Welcome to the Roman Baths Blog!

This blog is a behind the scenes look at the Roman Baths in Bath. We hope you enjoy reading our stories about life surrounding the Roman Baths.

Wednesday, 30 May 2012

Connecting Collections – Furniture

St. John’s Store is home to a wide variety of objects including furniture, retired models and spa equipment. This three part series will look at the history of the building, the spa related objects and the furniture collection.

Part 2 – The Furniture

Not many people know that St John’s store is home to wonderful pieces of furniture. Some have simply appeared in the collection over the years, others donated but mostly it is made up of funiture acquired for council buildings to be used as functional objects rather than collected for their beauty….

Five Seat Rout Bench
This mahogany rout bench was made specifically for the Pump Room, and named after the formal evening parties held in the late 18th Century. Its prototype was designed and made by William Birchall of Queen’s Square, who was employed by Bath Corporation in 1777 to make a pattern settee ‘as a model’ for others to follow. The central design depicts the Bath City Coat of Arms in mahogany veneer and satinwood. The bench seat was originally covered in crimson check.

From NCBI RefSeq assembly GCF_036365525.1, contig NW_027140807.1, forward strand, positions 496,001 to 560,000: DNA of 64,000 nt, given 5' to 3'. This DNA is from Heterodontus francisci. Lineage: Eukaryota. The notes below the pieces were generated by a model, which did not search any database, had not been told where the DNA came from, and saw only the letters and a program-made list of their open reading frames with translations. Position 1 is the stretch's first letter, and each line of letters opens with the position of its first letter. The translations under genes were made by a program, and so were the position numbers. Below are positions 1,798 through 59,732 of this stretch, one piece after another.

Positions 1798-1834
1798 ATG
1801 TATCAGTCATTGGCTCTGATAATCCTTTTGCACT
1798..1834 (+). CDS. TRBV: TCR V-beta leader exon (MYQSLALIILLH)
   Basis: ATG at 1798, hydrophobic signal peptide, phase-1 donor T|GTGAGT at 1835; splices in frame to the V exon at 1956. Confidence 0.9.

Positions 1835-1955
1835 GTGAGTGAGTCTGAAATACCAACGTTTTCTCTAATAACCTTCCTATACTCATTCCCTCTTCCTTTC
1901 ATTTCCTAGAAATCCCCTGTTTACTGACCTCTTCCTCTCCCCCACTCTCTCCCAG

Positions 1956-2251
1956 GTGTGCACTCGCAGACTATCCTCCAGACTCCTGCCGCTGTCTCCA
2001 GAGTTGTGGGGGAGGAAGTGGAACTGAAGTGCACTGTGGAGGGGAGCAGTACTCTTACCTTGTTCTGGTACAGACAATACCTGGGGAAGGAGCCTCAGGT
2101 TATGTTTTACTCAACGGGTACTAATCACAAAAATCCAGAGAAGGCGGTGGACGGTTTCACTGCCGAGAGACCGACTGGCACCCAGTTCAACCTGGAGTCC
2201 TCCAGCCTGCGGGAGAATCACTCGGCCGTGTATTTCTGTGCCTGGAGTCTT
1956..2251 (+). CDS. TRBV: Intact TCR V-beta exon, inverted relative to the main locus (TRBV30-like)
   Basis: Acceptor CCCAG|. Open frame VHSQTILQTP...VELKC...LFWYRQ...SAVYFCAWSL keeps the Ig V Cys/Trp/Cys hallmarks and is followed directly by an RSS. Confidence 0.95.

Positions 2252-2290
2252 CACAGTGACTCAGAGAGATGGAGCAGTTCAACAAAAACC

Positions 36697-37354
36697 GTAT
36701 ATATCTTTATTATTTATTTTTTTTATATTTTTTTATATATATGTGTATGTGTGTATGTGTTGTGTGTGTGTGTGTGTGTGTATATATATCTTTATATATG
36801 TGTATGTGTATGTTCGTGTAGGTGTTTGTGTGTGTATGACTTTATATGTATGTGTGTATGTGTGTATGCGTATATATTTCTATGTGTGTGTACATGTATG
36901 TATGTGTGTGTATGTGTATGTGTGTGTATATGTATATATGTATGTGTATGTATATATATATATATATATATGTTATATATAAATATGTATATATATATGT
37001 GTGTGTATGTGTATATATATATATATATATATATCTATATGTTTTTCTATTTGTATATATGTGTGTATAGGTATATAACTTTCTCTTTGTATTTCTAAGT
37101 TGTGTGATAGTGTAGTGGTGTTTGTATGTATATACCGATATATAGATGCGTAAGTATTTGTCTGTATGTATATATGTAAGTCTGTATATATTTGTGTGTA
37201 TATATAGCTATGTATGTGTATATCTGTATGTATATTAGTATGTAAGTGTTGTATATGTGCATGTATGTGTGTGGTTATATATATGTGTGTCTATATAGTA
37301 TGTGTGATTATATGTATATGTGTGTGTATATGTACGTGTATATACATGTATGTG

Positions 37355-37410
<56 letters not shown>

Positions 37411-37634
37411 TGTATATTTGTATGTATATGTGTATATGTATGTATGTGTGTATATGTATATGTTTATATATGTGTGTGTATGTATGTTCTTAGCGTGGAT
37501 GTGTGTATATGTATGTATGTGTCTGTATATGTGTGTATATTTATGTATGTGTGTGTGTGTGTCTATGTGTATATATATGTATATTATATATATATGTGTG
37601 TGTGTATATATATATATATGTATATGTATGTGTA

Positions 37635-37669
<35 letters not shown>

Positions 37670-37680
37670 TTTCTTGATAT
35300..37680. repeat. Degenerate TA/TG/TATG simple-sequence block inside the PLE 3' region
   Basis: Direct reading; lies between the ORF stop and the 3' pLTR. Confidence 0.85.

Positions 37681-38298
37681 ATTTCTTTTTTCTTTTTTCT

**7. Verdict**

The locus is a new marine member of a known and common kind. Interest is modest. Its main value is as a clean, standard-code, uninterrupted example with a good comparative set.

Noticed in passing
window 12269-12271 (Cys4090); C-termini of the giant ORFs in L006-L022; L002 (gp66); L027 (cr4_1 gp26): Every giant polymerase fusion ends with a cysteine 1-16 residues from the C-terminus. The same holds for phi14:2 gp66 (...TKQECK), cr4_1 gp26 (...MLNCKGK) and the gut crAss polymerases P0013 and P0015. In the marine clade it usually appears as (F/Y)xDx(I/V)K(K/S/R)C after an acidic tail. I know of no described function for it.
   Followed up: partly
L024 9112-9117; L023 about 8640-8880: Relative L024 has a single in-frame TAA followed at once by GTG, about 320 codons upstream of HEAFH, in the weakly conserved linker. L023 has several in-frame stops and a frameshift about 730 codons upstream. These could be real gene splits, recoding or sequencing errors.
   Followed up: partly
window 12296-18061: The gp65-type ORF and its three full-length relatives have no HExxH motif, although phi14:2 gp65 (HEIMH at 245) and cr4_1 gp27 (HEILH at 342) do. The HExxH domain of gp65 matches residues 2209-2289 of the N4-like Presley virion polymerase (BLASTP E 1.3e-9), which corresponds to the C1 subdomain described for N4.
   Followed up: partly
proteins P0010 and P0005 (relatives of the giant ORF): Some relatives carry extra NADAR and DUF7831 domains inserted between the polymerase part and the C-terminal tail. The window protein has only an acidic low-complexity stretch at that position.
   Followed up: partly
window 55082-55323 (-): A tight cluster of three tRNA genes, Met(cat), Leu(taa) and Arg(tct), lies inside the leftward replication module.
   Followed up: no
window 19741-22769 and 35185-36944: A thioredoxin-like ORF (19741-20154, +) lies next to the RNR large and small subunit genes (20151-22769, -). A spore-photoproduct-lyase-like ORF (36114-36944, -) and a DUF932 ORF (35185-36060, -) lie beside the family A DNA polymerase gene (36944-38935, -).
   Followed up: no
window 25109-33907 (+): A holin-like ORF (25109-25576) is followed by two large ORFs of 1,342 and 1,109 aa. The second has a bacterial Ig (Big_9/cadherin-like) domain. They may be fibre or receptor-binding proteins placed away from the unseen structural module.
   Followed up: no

Bath City Coat of Arms

William Morris Secretaire Bookcase (1894) and William Morris Display Case (1895)
Until recently these beautiful mahogany and satinwood pieces were used to dress the Victorian Scene in the Fashion Museum’s Panorama Room. Both pieces came into the collection via a bequest from the Henderson family. They were made in London towards the end of William Morris’s life. Born in Walthamstow in 1834 William Morris became famous for his work in the visual and decorative arts. His work included book design, calligraphy, furniture, paintings, drawings, stained glass, tapestries, textiles, and wallpapers.

BATRM 2006.31 and BATRM 2006.28 William Morris Pieces

Card Table
This 19th Century Dutch ornate marquetry card table is inlaid with birds, scroll foliage and playing cards. The veneer has faded over time and would originally have been much brighter. Playing cards was a popular pastime in Georgian Bath.

BATRM 2006.278 Card Table

Mahogany bench from the time of William IV (early – mid 19th Century).
The design reflects a new taste for classical simplicity, symmetry and elegance, in the style known as neo-classical, which appeared during the late Georgian period.

BATRM 2006.21 Bench

The store is open to the public several times a year, with the next store open day on Saturday 9th June 2012 from 11am until 3pm. Please do come along and visit us – for more information and directions please follow this link http://www.romanbaths.co.uk/whats_on/events/behind_the_scenes_tours.aspx

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